The entrance fee (an incredibly reasonable €6) includes a headset which automatically turns on as you enter particular rooms. These rooms are set up with stylised objects indicating the rooms use and the narration takes you through both a history of the time and a history of William.

At one stage I climbed to the top of the tallest tower, fortunately as the sun came out. It was incredible, though not for the vertiginously challenged as there is a see-through grid going around the edge with a lovely view straight down. Okay, you can just not look down but it gradually spirals up then down the other side, making it virtually impossible to walk without looking at your feet. Seriously worth the fantastic views.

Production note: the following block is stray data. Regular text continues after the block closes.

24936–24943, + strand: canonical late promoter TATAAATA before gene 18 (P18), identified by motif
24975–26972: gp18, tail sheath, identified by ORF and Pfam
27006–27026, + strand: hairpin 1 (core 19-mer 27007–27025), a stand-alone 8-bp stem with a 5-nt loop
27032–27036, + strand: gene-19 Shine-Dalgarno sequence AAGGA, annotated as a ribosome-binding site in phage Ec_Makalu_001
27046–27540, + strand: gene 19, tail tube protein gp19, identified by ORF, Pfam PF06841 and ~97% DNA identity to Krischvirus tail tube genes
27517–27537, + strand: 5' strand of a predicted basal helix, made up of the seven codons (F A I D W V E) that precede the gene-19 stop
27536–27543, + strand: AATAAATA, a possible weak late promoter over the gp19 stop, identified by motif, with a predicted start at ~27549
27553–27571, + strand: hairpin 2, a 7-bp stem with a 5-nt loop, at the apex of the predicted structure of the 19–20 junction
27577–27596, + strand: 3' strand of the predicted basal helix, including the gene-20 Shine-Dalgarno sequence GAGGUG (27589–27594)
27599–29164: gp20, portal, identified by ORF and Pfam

If you’d like to know more about this fantastic site, click here.

Having learnt heaps about William and Mathilda, I bought a t-shirt then we retraced our oft beaten track to Orbec for a pre-dinner pause.

We deliberately avoided lunch today so we could have a proper Normandy feast for dinner tonight at La Orbecquoise and boy did we have one! Appetisers then entrée then main course and sorbet then cheeses and, finally, dessert all washed down with an excellent French white wine. We managed to sit there for over 2 hours and ate for Australia. Because we missed lunch, we didn’t feel as sickeningly full as usual and I have to say it was seriously yum.

Orbecquoise restaraunt in Grande Rue, Orbec

Orbecquoise restaraunt in Grande Rue, Orbec

A slow walk round town to aid digestion then back to the African room to sleep.